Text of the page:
What's the matter with George Michael?
By Craig McLean
Published: 12:01AM BST 05 Oct 2006
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His new tour may be a sell-out, but the singer is a lonely diva, haunted by grief and stage fright, reports Craig McLean
He is one of the most successful British recording artists ever – having sold more than 80 million records. He has a happy relationship with a long-term boyfriend and beautiful homes in London, Oxfordshire and Beverly Hills. To top that, the start of his first live tour in 15 years, is receiving rave reviews.
George Michael arrested by police after lorry crash
So what's up with George Michael? Why was he found slumped at the wheel of his car, for the second time this year, in the early hours of last Sunday morning.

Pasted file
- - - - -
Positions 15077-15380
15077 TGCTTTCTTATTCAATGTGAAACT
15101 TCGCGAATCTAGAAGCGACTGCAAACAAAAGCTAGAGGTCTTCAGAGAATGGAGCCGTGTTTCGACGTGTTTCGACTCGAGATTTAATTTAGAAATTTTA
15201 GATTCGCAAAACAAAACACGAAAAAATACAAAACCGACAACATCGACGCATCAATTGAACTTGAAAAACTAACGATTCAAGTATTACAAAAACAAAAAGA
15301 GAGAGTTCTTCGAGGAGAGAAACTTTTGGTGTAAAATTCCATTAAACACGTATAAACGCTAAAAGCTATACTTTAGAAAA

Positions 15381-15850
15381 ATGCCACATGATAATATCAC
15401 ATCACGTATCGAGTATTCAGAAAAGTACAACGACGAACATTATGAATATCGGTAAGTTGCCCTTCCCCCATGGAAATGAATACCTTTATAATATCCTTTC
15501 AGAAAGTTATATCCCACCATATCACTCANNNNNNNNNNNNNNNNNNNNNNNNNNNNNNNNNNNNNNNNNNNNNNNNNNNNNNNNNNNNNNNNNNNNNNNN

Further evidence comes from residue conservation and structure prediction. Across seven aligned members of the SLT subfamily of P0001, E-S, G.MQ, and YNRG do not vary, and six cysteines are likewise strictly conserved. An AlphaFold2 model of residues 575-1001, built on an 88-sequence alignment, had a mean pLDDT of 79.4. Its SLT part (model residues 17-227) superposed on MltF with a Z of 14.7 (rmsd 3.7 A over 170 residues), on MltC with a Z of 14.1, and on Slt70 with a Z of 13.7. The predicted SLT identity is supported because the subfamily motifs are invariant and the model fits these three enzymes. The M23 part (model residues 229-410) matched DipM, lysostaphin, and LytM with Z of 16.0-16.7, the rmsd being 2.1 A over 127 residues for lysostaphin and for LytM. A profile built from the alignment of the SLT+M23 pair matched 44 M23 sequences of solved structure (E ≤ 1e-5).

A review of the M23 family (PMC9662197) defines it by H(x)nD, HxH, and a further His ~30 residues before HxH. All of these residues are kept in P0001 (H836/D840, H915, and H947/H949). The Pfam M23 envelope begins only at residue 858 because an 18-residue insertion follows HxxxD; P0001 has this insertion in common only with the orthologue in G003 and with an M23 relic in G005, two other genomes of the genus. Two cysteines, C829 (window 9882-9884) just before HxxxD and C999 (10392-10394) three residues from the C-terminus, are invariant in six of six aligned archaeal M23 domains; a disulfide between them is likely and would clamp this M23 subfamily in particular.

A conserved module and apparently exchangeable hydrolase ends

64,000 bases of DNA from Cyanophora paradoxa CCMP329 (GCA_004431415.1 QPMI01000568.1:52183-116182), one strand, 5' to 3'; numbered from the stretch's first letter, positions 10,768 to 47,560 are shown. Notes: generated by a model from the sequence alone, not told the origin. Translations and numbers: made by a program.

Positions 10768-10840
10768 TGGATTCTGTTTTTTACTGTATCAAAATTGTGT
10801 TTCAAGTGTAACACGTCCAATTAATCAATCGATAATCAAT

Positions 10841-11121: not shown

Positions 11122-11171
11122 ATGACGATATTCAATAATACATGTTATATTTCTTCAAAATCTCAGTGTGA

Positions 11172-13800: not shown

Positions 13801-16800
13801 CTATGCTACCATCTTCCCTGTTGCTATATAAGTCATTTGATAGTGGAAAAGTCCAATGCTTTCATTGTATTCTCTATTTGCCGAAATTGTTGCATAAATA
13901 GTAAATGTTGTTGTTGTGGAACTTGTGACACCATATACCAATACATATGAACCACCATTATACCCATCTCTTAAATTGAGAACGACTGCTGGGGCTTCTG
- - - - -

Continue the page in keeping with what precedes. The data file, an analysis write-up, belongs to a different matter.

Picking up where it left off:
We know that he is a committed cannabis enthusiast. The last time I saw him – for a lengthy dinner and interview in an Italian restaurant in Hampstead, he was clearly stoned. He happily told me he'd enjoyed a spliff 45 minutes before he'd driven to meet me. He was frank about what, he felt, were its benefits.
"There are very, very few areas of life where smoking weed is gonna help you with work," he said. "Writing is definitely one of them. If I'm really honest, if I wanted to write the best album of my career, I should go and do some acid. I should experiment with mind-expanding drugs. I would never do that. But in terms of relaxation and coming up with a good idea or two, a spliff helps."